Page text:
The idea that "the sons of God married the daughters of men" (Genesis 6:1) describes a marital relationship between angels and women which produced the giants is obviously wrong in the light of our Lord’s teaching. A fourth misconception is the association that is often made between angels and halos, harps, angelic choirs, and wings. As far as halos go, they have become symbolic of holiness, but wherever this idea has come from, it certainly does not find support in the Bible. Halos are simply not Biblical. The idea of angels playing harps is taken from Revelation 14:2. But this verse actually employs a figure to describe melodious voices, for it was "the voice of harpers harping with their harps; and they sang as it were a new song" (14:2,3). In the Bible, we find no direct mention of an angelic choir, however, the idea is taken from the above passage (Revelation 14:2, 3), and also the statement made in scripture that "a multitude of the heavenly host [were] praising God and saying, Glory to God in the highest, and on earth peace good will toward men" (Luke 2:13, 14). Wings are thought to be suggested when John "saw another angel fly in the midst of heaven" (Revelation 14:6). But this is most likely a symbol of great speed. However, the seraphim clearly had wings - six in fact: "with twain he covered his face and with twain he covered his feet, and with twain he did fly" (Isaiah 6:2). And so wings upon angels are not without any scriptural support, but it seems clear that the two-winged versions of the artists are clearly fanciful. A fifth misconception is that angels have no body. This is simply not true, for the Apostle Paul teaches they have a celestial body (I Corinthians 15:40). This body is neither human nor physical, for it is a spiritual body. A common belief in today’s world has it that angels are spirits who have departed their human body, the spirits of the dead. This too is a misconception. There is no Bible evidence for this notion, and the teaching of Jesus about the rich man and Lazarus (Luke 16:22) seems to speak to the contrary. In this verse, both Lazarus and the rich man retained their identity and neither became an angel. Also, the Bible makes a distinction between "an innumerable company of angels" and "the spirits of just men made perfect" (Hebrews 12:22, 23). A seventh and final misconception we will note is that angels have no feeling. The Bible clearly defines one of the desires angels possess:

"Unto whom it was revealed, that not unto themselves, but unto us they did minister the things, which are now reported unto you by them that have preached the gospel unto you with the Holy Ghost sent down from heaven; which things the angels desire to look into." (I Peter 1:12).

The Bible also speaks of the joy that angels have when sinners repent:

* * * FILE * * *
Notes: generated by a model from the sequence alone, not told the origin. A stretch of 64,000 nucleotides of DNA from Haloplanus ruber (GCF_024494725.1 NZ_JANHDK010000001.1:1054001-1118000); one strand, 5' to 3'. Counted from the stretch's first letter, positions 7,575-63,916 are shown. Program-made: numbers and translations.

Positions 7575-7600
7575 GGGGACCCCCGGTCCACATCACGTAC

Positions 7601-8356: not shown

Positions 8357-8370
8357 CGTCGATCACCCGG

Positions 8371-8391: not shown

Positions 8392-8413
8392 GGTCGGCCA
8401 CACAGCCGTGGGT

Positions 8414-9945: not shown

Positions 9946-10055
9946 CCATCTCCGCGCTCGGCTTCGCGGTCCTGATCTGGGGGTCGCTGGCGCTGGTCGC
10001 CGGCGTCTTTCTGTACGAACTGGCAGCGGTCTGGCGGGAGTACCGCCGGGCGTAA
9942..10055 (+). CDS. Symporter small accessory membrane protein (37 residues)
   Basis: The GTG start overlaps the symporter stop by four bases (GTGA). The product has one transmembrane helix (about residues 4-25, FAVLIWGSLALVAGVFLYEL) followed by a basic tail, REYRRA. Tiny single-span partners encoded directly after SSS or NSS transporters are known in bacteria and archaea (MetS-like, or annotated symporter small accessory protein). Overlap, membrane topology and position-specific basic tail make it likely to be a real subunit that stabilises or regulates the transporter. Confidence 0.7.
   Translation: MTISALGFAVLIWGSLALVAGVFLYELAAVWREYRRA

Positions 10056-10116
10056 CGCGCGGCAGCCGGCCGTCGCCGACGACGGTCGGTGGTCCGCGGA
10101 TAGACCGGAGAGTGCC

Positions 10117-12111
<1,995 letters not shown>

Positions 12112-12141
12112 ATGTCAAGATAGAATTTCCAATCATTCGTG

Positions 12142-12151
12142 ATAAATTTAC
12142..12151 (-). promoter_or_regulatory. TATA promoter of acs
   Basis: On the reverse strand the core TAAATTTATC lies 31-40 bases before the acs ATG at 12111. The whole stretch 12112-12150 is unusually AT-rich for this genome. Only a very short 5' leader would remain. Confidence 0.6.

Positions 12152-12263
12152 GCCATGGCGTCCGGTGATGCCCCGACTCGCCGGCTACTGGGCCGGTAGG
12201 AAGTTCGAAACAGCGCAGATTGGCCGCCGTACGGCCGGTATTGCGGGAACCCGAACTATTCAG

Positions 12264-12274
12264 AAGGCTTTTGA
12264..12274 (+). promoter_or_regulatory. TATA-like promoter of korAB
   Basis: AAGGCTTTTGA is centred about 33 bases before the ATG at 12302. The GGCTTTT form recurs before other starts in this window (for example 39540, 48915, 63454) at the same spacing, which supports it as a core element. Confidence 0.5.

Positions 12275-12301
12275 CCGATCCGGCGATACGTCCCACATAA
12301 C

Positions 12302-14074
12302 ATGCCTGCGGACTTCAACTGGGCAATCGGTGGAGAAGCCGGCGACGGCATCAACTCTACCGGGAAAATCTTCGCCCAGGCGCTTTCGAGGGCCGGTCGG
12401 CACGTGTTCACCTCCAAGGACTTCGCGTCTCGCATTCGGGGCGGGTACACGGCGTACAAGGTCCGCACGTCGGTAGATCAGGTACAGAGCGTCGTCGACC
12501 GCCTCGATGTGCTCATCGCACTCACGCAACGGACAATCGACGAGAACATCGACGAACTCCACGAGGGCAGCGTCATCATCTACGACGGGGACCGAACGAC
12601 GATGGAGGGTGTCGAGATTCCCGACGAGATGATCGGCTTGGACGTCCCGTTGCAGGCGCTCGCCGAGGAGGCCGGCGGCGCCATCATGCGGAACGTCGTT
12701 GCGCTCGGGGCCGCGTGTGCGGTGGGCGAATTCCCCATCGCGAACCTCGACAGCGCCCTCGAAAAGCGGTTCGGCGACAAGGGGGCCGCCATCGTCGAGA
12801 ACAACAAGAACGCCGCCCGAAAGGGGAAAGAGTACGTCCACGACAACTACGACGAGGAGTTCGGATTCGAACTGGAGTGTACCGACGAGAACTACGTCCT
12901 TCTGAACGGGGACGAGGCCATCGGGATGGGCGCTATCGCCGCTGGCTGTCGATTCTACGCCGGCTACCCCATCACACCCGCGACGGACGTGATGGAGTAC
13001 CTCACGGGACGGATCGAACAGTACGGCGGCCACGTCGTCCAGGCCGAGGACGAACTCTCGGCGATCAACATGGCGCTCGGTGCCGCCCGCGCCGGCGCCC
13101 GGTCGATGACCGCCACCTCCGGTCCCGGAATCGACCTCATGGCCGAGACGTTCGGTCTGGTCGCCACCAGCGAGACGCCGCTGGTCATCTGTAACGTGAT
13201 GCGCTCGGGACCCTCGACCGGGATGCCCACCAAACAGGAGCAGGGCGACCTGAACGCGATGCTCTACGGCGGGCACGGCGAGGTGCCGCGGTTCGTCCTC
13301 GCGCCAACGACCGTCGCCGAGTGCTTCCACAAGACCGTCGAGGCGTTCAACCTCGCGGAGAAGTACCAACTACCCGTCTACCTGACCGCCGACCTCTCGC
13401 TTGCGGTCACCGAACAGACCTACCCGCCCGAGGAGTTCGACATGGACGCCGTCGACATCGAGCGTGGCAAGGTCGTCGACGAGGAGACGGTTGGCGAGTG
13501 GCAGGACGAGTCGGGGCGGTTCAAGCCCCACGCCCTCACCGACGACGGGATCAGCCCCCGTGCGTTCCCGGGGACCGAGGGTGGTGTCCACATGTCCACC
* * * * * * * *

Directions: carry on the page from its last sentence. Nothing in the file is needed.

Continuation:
"Likewise, I say unto you, there is joy in the presence of the angels of God over one sinner that repenteth." (Luke 15:10).

Obviously, angels do have compassion and they are indeed concerned about the salvation of our souls.


God has family both in Heaven and on Earth, as is evidenced by what Paul the Apostle has said:

"For this cause I bow my knees unto the Father of our Lord Jesus Christ, Of whom the whole family in heaven and earth is named," (Ephesians 3:14,15).

God’s family on Earth is the church as well as all who have not attained a responsible mental age (I John 3:1; Romans 8:14; Galatians 3:26,27; Matthew 19:14). God’s family in Heaven is made up of the angels. We know the Heavenly family is not made up of departed saints because Peter said, "David is not ascended into the heavens" (Acts 2:34). Also, when Jesus died, He went to Hades (Acts 2:31), and yet to the repentant thief He called it "paradise" (Luke 23:43). Therefore, departed spirits of the righteous go to paradise and not to heaven. This leaves us with only the angels to form the family of God in heaven. The proof that God’s family in heaven is indeed made up of the angels is found in two passages of scripture which say, ... That in heaven their angels do always behold the face of my Father which is in heaven" (Matthew 18:10), and "But of that day and hour knoweth no man, no, not the angels of heaven, but my Father only" (Matthew 24:36).

There are many misconceptions about angels, but a careful investigation of the scriptures will lay these to rest. What the Bible does teach is that angels are celestial beings who are God’s special messengers, and they make up the family of God in heaven. Lord willing, in the next article on this subject we will take up the theme of "The Origin Of Angels."

Other OPA Article Links:


Alan Bonifay    1997 
  OPA Main Page    HOME

Hit Counter